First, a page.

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Curated by: Landscape Architecture Foundation
It doesn’t necessarily take a lot of space to have a big impact. Here we showcase some of the smallest projects in the Landscape Performance Series along with Fast Facts on the benefits of even modest amounts of green.
Case Study Briefs
Central Wharf Plaza
“At just 13,100 sf, this small plaza connects Boston’s Rose Kennedy Greenway with the Inner Harbor waterfront, serving some 280 pedestrians per hour. It also lowers ground-level temperatures by 10.4°F with tree canopy cover that shades 94% of the site. Pretty cool.”
ASLA Headquarters Green Roof
”The unique ‘waves’ aren’t the only thing that make this green roof seem bigger than its 3,000 sf. It is the subject of ongoing research, has hosted over 5,000 visitors, and has an extensive multimedia educational component that receives 35,000 annual pageviews.
Elmer Avenue Neighborhood Retrofit
Los Angeles, California
”This retrofit demonstrates that transportation infrastructure improvements can be combined with stormwater management to prevent flooding, improve walkability, and beautify the street. The street and residential properties along this one city block capture and filter runoff from a 40-acre area.”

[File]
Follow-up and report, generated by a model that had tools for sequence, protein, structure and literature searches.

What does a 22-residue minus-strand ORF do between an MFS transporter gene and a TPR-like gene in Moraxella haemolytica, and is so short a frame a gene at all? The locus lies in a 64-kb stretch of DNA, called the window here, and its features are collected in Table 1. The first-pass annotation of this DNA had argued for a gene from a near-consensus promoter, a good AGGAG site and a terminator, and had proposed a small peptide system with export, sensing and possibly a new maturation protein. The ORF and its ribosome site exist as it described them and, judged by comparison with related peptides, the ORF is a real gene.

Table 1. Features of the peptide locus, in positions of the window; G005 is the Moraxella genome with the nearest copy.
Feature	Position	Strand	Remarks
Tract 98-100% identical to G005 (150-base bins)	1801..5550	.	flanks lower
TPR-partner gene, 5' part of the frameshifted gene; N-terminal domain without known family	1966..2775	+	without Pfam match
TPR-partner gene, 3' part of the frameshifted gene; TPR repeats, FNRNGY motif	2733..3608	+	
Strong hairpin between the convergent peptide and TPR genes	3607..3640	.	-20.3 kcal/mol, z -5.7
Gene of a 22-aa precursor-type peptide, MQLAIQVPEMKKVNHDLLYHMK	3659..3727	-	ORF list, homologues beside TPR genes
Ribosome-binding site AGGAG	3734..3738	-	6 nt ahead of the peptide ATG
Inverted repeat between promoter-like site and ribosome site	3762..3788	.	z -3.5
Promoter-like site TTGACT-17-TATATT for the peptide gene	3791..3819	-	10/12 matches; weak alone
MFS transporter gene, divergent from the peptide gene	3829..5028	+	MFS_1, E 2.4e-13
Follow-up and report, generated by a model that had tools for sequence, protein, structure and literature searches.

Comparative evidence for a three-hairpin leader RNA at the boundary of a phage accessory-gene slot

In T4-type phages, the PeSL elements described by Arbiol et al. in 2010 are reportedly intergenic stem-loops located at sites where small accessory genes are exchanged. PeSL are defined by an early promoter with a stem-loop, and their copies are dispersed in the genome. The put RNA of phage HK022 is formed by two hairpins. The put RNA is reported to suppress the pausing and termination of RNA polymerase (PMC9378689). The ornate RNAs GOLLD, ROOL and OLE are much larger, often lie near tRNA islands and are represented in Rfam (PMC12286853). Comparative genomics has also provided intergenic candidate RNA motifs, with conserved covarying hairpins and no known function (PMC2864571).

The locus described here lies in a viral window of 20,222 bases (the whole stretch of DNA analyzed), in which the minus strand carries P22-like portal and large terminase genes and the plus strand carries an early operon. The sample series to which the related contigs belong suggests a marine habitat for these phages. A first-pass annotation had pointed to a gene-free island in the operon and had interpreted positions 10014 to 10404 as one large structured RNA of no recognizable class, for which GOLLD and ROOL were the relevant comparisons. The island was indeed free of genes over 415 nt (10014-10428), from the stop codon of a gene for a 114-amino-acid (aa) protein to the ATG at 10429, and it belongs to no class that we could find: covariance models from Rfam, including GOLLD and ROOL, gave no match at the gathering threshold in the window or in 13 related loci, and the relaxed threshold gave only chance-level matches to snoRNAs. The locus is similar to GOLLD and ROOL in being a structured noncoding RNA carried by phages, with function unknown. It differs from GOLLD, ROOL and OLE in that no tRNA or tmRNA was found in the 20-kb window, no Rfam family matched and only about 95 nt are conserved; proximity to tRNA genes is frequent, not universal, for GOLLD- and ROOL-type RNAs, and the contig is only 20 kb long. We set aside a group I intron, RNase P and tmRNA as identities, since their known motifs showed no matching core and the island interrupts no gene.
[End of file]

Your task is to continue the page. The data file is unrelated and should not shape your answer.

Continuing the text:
Erie Street Plaza
“The City had lofty ambitions for this 0.25-acre former parking lot: create a significant public place that would become a key component of Milwaukee’s waterfront and new development in the Third Ward. The simple, inventive, and open-ended design does just that.”
Fast Fact Library
In a study of a Chicago public housing development, buildings with high levels of trees and greenery had 48% fewer property crimes and 56% fewer violent crimes than identical apartments surrounded by barren land. The greener the surroundings, the fewer the number of crimes that occurred, and even modest amounts of greenery were associated with lower crime rates.
“The greenery in this study was trees and grass, and the research suggests the exciting possibility that small-scale tree planting and beautification efforts in barren inner-city neighborhoods could help to create safer communities.”
An analysis of the impact of greening 4,436 vacant lots in Philadelphia found that greening was associated with residents’ reporting significantly less stress and more exercise in select sections of the city.
“The vacant lots that were greened averaged just 1,800 sf in size and yet correlated with improved health outcomes.”
Research in Tel Aviv determined that the presence of trees cooled the air from between .5°F on a heavily trafficked street to 2°F in a small (.37 acre) garden. The study also found that the cooling effects could be felt up to 330 feet from the site.
“The cooling effect of small groups of trees was noticeable not only within the wooded areas but also in their treeless surroundings.”
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